of a mother who soothes a baby by stroking its body in a particular way while saying there,
there, there with a certain modulation. He argues that this becomes patterned so that the words

But see the acrimonious debate between Stern and Andre Green (see Sandler and Sandler 2000).


Special Issue: Launch of the Association for Psychosocial Studies

can evoke the same pattern of vitality affect as the touch. He argues that this produces an
emerging sense of self or a sense of an emerging self. In other words, patterns of experience and
sensation relating to body parts are experienced as sensori-motor schemata (e.g.mouth to nipple
or thumb to mouth), and accompanied by vitality affects is what produces the beginnings of a
sense of self out of sensory and relational regularities and patterns. In particular, it is the ability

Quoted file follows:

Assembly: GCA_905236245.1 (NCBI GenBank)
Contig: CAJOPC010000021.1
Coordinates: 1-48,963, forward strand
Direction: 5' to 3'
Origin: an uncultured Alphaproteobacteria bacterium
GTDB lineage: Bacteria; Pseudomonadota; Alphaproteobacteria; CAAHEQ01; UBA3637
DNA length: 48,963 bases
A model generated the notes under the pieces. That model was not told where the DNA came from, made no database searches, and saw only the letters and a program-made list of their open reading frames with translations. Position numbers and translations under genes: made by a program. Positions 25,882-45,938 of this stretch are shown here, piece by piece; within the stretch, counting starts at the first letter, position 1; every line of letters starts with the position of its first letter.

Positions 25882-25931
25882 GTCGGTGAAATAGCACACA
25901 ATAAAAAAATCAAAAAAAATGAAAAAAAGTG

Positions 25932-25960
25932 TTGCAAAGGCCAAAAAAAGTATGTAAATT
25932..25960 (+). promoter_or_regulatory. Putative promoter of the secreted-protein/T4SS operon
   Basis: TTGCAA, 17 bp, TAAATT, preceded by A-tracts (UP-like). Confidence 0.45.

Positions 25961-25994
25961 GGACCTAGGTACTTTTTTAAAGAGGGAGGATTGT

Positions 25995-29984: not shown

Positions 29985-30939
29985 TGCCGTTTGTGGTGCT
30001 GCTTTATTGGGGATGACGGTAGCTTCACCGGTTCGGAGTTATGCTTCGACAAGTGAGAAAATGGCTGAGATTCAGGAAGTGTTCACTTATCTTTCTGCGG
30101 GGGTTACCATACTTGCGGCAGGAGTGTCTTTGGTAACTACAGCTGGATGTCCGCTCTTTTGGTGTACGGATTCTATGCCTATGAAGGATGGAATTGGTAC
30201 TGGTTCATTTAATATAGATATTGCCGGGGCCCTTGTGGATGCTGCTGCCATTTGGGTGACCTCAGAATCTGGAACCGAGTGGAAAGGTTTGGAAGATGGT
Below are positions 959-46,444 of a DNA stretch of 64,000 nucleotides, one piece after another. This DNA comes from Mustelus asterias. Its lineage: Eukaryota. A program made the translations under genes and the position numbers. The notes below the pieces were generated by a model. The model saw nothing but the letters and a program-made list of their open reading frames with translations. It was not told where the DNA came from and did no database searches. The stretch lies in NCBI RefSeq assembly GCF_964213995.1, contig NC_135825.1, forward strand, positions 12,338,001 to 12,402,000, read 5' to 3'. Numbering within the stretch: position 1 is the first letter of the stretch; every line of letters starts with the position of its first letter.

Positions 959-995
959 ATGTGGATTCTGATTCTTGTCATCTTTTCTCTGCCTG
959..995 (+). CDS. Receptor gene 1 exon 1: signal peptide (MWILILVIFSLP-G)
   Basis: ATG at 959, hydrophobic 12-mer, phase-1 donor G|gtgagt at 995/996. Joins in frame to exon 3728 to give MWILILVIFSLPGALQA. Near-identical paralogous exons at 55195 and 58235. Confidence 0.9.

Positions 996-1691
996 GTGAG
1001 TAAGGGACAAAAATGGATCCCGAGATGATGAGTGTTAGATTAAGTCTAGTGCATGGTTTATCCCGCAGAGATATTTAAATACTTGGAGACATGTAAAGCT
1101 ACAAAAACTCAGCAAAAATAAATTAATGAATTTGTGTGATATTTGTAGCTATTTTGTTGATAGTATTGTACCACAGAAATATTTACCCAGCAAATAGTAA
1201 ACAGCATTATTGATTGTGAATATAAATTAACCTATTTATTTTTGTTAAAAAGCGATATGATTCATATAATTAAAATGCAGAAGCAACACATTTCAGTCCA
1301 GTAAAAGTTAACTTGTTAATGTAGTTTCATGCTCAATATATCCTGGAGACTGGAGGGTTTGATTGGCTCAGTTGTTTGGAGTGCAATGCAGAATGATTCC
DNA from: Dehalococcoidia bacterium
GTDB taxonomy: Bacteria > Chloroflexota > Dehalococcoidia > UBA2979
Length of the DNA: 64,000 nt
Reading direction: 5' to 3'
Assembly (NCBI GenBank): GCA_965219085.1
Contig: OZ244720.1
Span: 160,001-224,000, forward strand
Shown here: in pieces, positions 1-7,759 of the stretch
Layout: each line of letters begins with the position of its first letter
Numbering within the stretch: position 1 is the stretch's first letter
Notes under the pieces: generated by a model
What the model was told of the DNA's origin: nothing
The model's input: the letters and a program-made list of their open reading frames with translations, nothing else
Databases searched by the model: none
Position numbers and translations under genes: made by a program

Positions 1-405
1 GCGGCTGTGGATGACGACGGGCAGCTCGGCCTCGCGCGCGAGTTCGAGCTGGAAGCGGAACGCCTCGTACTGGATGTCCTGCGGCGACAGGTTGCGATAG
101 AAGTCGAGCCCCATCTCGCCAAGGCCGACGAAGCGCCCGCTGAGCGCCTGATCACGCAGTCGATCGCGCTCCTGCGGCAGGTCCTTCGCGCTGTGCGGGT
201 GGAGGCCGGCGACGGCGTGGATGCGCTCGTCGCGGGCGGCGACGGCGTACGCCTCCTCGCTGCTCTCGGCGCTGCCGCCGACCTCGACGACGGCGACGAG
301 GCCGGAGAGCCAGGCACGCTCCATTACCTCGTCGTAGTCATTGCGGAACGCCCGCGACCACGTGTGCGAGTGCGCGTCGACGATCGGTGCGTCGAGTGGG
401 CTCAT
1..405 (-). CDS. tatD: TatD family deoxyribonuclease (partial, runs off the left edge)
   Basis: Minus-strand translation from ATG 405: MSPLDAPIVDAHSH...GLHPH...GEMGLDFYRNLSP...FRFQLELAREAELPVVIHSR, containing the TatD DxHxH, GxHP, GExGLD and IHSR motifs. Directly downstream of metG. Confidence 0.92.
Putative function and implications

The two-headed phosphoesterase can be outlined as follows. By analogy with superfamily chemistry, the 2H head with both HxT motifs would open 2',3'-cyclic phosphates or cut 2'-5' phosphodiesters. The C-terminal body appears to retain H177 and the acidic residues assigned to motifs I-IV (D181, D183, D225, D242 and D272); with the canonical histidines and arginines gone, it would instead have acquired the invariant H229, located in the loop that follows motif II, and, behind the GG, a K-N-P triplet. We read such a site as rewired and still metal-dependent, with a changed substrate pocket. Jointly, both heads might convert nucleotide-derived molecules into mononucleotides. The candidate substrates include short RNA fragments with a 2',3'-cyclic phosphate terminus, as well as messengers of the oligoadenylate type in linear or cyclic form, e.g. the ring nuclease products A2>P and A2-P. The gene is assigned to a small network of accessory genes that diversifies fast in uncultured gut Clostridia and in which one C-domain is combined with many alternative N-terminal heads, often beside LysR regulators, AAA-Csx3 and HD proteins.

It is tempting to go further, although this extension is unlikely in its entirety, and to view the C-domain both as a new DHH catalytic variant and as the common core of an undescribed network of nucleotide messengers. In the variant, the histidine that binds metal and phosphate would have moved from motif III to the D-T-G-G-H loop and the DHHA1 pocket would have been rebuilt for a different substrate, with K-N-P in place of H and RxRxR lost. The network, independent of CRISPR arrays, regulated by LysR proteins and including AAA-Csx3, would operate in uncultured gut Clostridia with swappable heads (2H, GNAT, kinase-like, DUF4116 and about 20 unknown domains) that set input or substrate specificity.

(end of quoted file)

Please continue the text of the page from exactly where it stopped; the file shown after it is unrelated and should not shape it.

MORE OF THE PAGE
of the infant to begin to organise invariant aspects of experience, such as indeed the nipple in the
mouth, the stroking of the body, the sound of there, there. It is these, says Stern, which form the
basis of perceived forms, identifiable acts and verbalised feelings, which form the basis of
subjectivity and of emergent relatedness in which all learning and creative acts begin. Stern goes
on to describe how these are gradually consolidated at different ages, which I will not go into
here, but Stern is concerned with the way in which a sense of self is gradually formed from this
sensory and affective experience and its organisation. It is not difficult to see why this so excited
Guattari. Stern presents us with a relational approach to early sensory experience and its changes
over time, including the ways in which schemas do attach to territories and make an experience
of an embodied and bounded self possible.

The experimental developmental psychological accounts discussed by Stern relate to what

analysts call primary process and the role of part objects. Although Guattari references Lacans
work on object petit a, actually most work on part objects (e.g. the breast, the nipple) comes
from the object relations tradition and what Stern describes in terms of vitality affects seems to
relate to the experience of primary process, as in The Existential Territory is the place in which